The horse solution
I’ve been wondering if the Republican health care approach includes the offer of $100,000 horse and dressage lessons to all those who suffer from multiple sclerosis. (I’m not sure if they can include the $77,000 tax deduction — that might be on a case-by-case basis.)
This therapy has been publicized as effective so much by candidate Mitt Romney that one would think it should be the centerpiece of his platform.
Dump rail plan
The supporters of a Honolulu rail system project expenditures of $5.5 billion to $6.6 billion in order to reduce traffic by as much as 2 percent. Having grown up in Los Angeles and seen how traffic congestion relief proposals go awry, let me suggest that expenditures will rise and traffic will ultimately get worse if we take this approach. Concentration of population along transportation corridors tends to increase, resulting in greater traffic congestion. Hawaii will be no different.
The question that Hawaii has been attempting to answer is, “How do we more efficiently move larger amounts of people through Honolulu?” Rail is a possible answer to that question. However, the question should be, “How do we more efficiently distribute the traffic on Oahu?”
We have not been forward thinking in our approach to this problem. We should be looking at the very way that we operate our lives, rather than being stuck on one element, like rail. I have a few questions and answers for you.
For instance, why do state, federal and private employees that spend their life in front of a computer have to commute daily to downtown Honolulu to sit in front of the computer? Jobs that are of that type should be set to operate from their homes. If monitoring employees is an issue, there are programs for that. This one step would reduce traffic by far more than 2 percent. The state should lead the way on this and immediately shift policy.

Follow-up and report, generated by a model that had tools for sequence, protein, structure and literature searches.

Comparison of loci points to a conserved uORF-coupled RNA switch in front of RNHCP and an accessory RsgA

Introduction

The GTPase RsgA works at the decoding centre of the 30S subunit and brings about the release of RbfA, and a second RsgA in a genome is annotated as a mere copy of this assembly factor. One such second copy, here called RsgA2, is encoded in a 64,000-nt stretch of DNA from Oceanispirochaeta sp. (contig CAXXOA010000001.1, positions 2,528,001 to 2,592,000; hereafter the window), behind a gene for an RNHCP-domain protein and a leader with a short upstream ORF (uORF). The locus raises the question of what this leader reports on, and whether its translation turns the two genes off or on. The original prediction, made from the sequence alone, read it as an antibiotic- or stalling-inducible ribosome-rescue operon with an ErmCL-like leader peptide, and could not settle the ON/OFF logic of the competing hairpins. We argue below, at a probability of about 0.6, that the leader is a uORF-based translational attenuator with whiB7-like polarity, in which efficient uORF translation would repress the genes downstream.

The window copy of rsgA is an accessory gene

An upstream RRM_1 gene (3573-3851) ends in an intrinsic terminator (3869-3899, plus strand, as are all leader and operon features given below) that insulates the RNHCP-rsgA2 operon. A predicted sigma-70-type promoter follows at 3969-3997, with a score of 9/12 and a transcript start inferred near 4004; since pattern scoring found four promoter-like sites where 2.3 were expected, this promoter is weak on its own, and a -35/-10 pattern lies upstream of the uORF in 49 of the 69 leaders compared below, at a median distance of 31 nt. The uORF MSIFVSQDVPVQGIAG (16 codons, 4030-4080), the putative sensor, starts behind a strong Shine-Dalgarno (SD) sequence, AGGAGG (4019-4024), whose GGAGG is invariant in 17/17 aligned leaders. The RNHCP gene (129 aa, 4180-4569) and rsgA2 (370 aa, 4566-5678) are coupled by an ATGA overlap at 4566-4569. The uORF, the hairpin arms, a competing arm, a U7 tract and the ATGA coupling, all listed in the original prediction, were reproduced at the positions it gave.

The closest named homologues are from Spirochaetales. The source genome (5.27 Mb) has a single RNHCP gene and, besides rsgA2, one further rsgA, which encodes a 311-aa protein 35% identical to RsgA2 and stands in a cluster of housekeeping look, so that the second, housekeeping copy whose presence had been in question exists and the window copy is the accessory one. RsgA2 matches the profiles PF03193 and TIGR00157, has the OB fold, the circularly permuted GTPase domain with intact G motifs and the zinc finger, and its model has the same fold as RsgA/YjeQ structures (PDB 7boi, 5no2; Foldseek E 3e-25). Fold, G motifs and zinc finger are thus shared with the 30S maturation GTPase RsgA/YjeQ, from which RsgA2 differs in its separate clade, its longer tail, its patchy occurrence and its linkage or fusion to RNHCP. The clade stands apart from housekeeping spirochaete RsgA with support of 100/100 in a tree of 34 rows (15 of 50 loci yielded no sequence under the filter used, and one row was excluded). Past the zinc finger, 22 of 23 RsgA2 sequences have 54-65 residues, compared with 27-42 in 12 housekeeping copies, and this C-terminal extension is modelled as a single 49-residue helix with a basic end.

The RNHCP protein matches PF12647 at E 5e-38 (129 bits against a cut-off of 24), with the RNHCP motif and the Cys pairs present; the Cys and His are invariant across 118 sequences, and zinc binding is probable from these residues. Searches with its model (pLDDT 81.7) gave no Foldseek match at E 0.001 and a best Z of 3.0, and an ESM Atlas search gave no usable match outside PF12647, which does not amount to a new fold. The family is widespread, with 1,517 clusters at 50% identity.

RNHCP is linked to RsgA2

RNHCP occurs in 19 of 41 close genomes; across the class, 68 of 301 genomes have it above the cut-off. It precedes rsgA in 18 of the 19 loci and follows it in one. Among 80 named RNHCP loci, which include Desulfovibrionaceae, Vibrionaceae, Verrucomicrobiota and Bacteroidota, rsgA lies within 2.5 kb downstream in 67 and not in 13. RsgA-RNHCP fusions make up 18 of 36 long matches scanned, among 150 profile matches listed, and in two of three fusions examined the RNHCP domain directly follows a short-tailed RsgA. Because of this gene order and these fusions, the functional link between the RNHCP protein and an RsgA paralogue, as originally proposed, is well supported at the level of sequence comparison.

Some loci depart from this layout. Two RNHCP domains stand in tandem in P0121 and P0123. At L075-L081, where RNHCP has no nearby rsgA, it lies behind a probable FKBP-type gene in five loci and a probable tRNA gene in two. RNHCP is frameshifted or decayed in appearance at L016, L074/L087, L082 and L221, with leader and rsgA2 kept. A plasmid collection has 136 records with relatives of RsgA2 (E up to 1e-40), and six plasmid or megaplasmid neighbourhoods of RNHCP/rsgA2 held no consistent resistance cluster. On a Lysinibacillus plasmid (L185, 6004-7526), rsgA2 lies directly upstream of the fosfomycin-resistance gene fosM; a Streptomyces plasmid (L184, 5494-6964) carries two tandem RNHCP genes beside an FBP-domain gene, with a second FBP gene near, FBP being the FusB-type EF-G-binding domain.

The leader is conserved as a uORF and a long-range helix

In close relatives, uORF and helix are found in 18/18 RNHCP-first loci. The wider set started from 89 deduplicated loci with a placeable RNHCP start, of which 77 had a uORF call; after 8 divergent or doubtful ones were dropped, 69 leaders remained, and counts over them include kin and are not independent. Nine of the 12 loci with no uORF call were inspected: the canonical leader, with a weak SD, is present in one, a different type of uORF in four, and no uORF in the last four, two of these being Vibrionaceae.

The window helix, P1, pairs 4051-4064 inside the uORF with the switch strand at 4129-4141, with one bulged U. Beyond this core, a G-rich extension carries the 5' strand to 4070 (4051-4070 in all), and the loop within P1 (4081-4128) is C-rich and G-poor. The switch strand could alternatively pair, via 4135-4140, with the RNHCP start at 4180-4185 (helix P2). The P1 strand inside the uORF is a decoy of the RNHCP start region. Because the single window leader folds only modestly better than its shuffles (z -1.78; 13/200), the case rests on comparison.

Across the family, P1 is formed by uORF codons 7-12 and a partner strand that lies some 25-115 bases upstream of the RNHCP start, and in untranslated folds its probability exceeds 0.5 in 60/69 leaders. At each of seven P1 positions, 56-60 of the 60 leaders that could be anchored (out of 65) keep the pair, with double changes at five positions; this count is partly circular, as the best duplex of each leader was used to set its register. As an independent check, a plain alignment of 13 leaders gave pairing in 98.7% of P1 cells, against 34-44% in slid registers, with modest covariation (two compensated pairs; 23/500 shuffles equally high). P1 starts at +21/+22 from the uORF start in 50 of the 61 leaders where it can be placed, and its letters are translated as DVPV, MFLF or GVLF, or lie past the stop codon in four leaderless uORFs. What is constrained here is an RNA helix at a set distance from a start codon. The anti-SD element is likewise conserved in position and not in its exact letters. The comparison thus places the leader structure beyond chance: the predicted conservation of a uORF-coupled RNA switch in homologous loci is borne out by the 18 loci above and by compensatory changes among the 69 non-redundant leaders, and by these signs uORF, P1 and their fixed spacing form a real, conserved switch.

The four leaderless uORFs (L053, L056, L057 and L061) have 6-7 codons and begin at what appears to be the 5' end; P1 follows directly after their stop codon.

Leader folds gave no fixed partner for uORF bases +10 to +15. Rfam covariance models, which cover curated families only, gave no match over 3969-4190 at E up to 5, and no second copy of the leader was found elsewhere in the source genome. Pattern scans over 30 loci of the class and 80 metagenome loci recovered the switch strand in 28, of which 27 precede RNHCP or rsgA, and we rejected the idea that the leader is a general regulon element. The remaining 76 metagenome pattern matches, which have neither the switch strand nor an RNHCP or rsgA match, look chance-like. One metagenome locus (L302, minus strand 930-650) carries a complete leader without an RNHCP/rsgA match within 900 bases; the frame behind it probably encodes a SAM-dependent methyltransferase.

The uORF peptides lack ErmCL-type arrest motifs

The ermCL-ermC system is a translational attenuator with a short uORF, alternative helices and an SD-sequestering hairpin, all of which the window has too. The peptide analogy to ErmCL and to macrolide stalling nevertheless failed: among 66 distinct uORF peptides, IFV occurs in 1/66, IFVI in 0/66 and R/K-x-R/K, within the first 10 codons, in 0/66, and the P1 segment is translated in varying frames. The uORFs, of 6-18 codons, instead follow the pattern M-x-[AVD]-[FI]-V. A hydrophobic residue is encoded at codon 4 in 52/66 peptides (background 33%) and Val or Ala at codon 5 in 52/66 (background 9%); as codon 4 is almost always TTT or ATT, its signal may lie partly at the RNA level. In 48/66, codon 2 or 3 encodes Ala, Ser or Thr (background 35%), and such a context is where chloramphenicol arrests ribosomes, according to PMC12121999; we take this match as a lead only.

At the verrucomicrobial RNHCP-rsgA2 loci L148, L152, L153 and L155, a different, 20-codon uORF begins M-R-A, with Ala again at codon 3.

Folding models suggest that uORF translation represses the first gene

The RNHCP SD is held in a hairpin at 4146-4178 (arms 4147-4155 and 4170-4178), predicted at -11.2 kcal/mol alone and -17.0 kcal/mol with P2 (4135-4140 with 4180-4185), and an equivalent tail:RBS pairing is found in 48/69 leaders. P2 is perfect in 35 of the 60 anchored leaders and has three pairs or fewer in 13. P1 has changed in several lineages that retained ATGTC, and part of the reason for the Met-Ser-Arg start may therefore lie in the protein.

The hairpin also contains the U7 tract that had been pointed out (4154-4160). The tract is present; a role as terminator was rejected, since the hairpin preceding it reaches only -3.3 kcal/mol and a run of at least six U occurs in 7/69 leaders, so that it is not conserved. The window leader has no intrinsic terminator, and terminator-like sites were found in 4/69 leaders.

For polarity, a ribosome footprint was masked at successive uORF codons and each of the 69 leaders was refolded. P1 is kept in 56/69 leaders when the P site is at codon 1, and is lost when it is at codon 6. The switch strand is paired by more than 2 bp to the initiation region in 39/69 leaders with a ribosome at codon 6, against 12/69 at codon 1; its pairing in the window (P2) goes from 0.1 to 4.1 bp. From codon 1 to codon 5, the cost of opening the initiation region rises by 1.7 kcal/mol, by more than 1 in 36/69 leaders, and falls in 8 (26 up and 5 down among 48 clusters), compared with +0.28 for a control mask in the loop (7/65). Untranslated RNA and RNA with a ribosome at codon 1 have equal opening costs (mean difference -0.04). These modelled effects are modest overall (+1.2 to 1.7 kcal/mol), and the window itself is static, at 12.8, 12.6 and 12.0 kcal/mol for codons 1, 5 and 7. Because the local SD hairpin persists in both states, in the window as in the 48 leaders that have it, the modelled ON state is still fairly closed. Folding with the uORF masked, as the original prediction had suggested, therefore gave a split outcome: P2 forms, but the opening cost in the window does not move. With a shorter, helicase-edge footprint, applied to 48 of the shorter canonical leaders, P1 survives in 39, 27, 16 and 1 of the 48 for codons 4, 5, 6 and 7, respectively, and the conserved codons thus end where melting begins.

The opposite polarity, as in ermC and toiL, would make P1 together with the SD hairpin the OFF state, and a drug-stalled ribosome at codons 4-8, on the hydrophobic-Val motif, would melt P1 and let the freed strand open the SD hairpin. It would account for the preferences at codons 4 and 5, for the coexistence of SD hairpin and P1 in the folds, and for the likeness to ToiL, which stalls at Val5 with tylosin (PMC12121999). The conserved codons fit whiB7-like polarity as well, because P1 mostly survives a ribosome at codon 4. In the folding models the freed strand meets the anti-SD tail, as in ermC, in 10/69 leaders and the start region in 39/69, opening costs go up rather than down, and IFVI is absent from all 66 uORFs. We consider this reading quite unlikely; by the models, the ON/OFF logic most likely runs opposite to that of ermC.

Next, why does everyone start and end their days, virtually, at the same time? Stagger workers’ hours. If a business operates 24 hours a day, shift starting times so that we don’t all move simultaneously. If it doesn’t operate 24 hours, simply change the hours of operation. We can live differently; we are capable of changing behavior.
Third, why do all of the buildings have to be concentrated in one area? Spread out and diversify your locations. Over time, this would have far greater impact than a rail system. We needn’t financially strap ourselves for decades to do something that, even by the proponents’ own admission, does little to alleviate the problem. As an outer islander, I am adamantly opposed to this rail proposal. It will handcuff the state for decades by saddling all of us with excruciating debt that will leave almost all other projects dead in the water. Any candidate that supports rail can count on fierce outer island opposition.